Monday, 19 September 2011

Surveillance... how do you see it?

I have been thinking about surveillance mainly because my course is starting off with it as a subject, and how it can be seen in different ways by different people.  For the purpose of this post I am limiting the word to mean police presence and CCTV etc., not all the other data that is collected on us which also comes under the term.

In my course DVD, the scenario is a large shopping centre in a relatively poverty-stricken area of Leeds (UK).  As well as CCTV which is constantly monitored, the centre boasts several security guards and a full time police constable. Security is very visible and the people interviewed in the centre said that it made them feel safe; in fact there was a group of people who went there regularly to 'mall walk' for exercise, as they didn't feel safe walking in the public parks nearby.


But I started thinking that if I went to a shopping centre and it was full of security guards, cameras and on duty policemen, I'd think that it must be a risky place to be - otherwise why would you need all the security?

A friend in the States commented on her facebook page yesterday (she knows who she is and I'm sure won't mind me quoting her!): "Huge police presence, as usual. I don't recall seeing so many green helmets and automatic weapons, though. I confess that has made me a tad uneasy just now." and it made me think again about the effects of visible security on the average person.

I'd be interested to hear your thoughts.  Does a very visible security personnel presence in a 'normal' every day public place make you feel safer?  or more at risk from some unseen threat?

7 comments:

  1. A visible security presence is a must in my town, it gives the average person the piece of mind that if you need assistance then it can be found. Sometimes I wish that more CCTV cameras were around near childrens parks as teenagers loiter there and cause no end of trouble.

    I know someone who works in a store who got rid of security personal to save money and the store is now being targeted more and word gets around that a store is a soft touch so it gets targeted more after.

    If you don't live in an area where there is a fear to step out of your door once the sun goes down (or in some cases the sun is up) then you can not comprehend what piece of mind seeing a copper around can be like.

    Though an increase of police is also a good indication of possible trouble such as football matches its like a possible boiling point indicate. Its a case of oh there must be a football match avoid stations and the stadium area in the run up to kick off and finish.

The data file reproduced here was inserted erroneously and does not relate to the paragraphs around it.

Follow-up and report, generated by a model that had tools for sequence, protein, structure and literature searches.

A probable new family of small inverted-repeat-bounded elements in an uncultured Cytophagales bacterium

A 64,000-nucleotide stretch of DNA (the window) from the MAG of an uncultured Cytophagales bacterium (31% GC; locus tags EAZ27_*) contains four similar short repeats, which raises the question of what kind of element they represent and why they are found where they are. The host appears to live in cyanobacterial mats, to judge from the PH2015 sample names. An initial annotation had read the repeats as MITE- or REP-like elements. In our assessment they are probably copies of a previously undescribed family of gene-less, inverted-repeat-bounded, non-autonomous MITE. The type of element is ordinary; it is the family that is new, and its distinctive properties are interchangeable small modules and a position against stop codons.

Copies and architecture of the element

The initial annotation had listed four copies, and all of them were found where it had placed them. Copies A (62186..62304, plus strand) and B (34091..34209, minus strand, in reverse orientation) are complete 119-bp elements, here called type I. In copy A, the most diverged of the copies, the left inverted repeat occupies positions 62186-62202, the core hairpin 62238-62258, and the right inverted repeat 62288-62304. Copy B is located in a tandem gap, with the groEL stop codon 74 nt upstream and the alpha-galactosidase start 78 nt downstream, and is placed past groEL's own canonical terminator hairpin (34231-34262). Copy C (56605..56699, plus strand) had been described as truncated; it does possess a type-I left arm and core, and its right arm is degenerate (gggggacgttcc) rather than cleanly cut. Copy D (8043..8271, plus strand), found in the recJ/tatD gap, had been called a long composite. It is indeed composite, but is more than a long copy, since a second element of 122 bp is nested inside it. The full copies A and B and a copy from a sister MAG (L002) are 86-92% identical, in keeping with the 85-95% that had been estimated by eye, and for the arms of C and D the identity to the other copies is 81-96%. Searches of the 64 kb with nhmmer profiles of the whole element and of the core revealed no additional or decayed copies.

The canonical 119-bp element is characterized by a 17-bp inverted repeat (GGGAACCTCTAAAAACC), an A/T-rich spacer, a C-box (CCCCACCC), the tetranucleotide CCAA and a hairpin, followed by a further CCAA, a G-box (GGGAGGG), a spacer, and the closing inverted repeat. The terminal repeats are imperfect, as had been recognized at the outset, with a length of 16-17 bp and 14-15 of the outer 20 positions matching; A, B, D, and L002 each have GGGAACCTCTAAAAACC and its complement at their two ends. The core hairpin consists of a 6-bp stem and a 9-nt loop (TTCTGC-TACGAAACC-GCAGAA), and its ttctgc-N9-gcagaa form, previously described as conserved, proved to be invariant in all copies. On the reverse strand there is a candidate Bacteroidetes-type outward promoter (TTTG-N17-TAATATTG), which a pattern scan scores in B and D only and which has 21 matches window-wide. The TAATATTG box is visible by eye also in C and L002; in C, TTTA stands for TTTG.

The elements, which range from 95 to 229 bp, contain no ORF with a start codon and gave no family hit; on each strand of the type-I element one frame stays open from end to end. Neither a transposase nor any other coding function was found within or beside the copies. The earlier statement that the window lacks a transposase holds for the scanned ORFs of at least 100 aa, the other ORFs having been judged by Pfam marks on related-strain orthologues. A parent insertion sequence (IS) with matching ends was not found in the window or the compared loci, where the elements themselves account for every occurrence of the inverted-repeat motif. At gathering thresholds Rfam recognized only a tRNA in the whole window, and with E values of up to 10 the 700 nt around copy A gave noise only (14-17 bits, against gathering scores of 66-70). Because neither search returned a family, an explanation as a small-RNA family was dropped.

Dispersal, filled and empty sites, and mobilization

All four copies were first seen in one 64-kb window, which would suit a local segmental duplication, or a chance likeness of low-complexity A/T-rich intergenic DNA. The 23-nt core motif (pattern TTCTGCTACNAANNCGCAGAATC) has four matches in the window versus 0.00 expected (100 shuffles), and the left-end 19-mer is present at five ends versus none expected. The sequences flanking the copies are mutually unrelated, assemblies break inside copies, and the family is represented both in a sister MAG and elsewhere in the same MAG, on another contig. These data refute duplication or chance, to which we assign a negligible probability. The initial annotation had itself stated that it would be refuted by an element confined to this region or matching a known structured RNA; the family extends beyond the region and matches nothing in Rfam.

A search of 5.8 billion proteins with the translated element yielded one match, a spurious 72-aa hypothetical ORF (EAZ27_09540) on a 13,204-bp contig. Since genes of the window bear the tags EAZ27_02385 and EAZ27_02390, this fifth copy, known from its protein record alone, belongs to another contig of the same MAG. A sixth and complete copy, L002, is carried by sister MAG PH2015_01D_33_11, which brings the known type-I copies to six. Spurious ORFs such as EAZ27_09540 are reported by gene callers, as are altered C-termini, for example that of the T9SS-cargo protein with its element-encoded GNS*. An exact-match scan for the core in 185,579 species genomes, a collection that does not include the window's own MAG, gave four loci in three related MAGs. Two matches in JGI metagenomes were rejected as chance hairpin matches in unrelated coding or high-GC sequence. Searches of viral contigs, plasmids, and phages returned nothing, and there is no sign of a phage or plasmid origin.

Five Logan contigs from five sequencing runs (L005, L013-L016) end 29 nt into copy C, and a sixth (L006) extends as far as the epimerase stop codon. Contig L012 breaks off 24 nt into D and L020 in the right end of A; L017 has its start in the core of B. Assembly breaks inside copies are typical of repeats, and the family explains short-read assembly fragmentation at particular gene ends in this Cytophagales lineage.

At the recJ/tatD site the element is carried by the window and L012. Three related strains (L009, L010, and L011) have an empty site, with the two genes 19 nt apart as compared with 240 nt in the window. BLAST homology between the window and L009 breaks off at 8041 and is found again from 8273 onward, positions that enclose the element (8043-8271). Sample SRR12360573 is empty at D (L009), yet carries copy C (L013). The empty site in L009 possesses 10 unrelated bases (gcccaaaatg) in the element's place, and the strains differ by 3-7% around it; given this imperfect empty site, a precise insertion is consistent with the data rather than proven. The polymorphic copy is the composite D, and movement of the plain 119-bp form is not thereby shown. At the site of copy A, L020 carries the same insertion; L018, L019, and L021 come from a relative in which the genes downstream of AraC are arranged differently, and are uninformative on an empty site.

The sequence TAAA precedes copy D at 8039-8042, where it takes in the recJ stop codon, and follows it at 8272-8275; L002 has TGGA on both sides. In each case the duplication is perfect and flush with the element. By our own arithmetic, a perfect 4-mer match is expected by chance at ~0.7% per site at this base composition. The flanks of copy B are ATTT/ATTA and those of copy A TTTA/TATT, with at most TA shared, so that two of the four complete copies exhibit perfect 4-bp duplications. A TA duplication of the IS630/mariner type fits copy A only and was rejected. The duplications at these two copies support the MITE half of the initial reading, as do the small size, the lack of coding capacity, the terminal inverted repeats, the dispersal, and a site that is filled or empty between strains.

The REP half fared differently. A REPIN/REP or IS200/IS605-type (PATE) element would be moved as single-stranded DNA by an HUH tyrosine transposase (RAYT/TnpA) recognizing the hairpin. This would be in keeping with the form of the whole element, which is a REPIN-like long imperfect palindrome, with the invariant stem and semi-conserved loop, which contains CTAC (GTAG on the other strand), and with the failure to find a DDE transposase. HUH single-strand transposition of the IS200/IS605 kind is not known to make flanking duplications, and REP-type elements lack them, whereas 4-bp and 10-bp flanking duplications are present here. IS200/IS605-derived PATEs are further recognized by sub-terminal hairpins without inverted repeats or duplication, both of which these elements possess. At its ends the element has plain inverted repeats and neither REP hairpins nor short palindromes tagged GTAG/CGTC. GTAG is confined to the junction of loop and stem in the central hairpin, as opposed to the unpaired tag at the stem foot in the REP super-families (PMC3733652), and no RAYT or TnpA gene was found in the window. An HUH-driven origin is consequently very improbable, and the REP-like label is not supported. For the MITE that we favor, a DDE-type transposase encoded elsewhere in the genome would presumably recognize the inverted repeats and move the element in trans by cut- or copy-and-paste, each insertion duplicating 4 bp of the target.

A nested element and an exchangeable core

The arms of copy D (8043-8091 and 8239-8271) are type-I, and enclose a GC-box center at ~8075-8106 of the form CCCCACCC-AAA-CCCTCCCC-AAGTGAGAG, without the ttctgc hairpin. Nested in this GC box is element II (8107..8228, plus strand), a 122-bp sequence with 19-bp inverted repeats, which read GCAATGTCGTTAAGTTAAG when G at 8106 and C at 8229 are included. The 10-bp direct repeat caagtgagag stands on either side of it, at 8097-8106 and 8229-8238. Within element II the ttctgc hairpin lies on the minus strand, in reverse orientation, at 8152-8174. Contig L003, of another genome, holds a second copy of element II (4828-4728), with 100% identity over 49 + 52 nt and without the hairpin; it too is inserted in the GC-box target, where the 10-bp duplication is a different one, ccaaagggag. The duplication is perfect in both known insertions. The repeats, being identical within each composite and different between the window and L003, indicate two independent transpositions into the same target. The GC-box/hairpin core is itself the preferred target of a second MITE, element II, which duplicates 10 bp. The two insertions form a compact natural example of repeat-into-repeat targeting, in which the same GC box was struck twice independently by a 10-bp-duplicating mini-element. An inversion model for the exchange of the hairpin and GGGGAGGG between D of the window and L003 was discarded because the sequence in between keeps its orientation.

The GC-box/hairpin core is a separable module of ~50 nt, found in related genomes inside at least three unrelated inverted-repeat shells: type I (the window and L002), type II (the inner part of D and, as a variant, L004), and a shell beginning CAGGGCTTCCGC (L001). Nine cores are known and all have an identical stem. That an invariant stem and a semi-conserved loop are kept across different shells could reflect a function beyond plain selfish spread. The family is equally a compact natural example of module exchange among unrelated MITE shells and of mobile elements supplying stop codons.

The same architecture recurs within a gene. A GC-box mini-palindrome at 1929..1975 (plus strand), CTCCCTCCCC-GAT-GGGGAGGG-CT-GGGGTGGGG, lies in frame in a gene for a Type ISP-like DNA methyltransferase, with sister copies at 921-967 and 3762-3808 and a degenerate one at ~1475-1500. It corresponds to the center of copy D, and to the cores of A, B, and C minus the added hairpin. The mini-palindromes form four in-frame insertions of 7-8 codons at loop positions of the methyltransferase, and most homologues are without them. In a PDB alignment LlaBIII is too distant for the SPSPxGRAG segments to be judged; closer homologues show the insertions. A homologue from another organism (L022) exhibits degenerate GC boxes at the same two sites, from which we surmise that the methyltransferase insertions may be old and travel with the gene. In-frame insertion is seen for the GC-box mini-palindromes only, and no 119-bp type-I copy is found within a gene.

To me an average person I see that presence as something to keep me and my son safe, I would rather see more police around and man I would love a cctv on my street then they could catch the little oik who likes putting windows through.

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  2. In the situation you describe the area/town itself is a risky place to be and getting of the poverty line is a difficult thing to do once your on it so you have to stay put in that area and if you have one safe area to go to it makes life a little more bearable. Whack as many police, cameras and security as you want in it please the more the merrier maybe spread out a little onto the streets as well.

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  3. I'm of two minds.

    In my own bitty town--I don't think twice about the presence of the officers (be they police or sheriffs). They patrol on a regular basis, stop and catch up on what's new and different and chase away the odd skunk/raccoon that wanders into places they oughtn't be! LOL TRUE!!

    In the bigger city--I might think twice about their presence depending on what I know about that area of the city. Might feel safer, might feel less safe....that's based on what I know to be happening and what they're actually doing. So it depends, really.

    Camera's don't necessarily make me 'feel' safer. Many times they're contributing to my 'dis-ease'. I'm not so fond of feeling like I'm WORTH watching. LOL And of course it's all about me. ;-)

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  4. I think it's good that we have CCTV cameras, but quite honestly I never think about them. Because I've always been a law abiding citizen (although I drive too fast) they never really register with me.

    That photo of James Bulger will haunt me forever.

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  5. It must depend on what you think about Big Brother watching you.

    We only hear about the CCTV cameras when they have been the reason that some criminal has been caught, so are, therefore, seen to be a Good Thing.

    I have no idea how much watching actually goes on, how many of these cameras are manned, or how much openness there is about who/what is being watched.

    I look forward to you telling me :-)

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  6. Chibi J & Mel: I agree that it depends on where you live, and what you are used to seeing on a day to day basis.

    Joey: me neither - I know they are there at either end of the street I live on, but so what?

    Rosie: sorry I don't know the answer to that one (yet) - just wanted to see what people thought :-)

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  7. Do you think the ones at the end of the street actually work? Is anyone watching? Are they just as effective - like speed cameras - if people think they're there?

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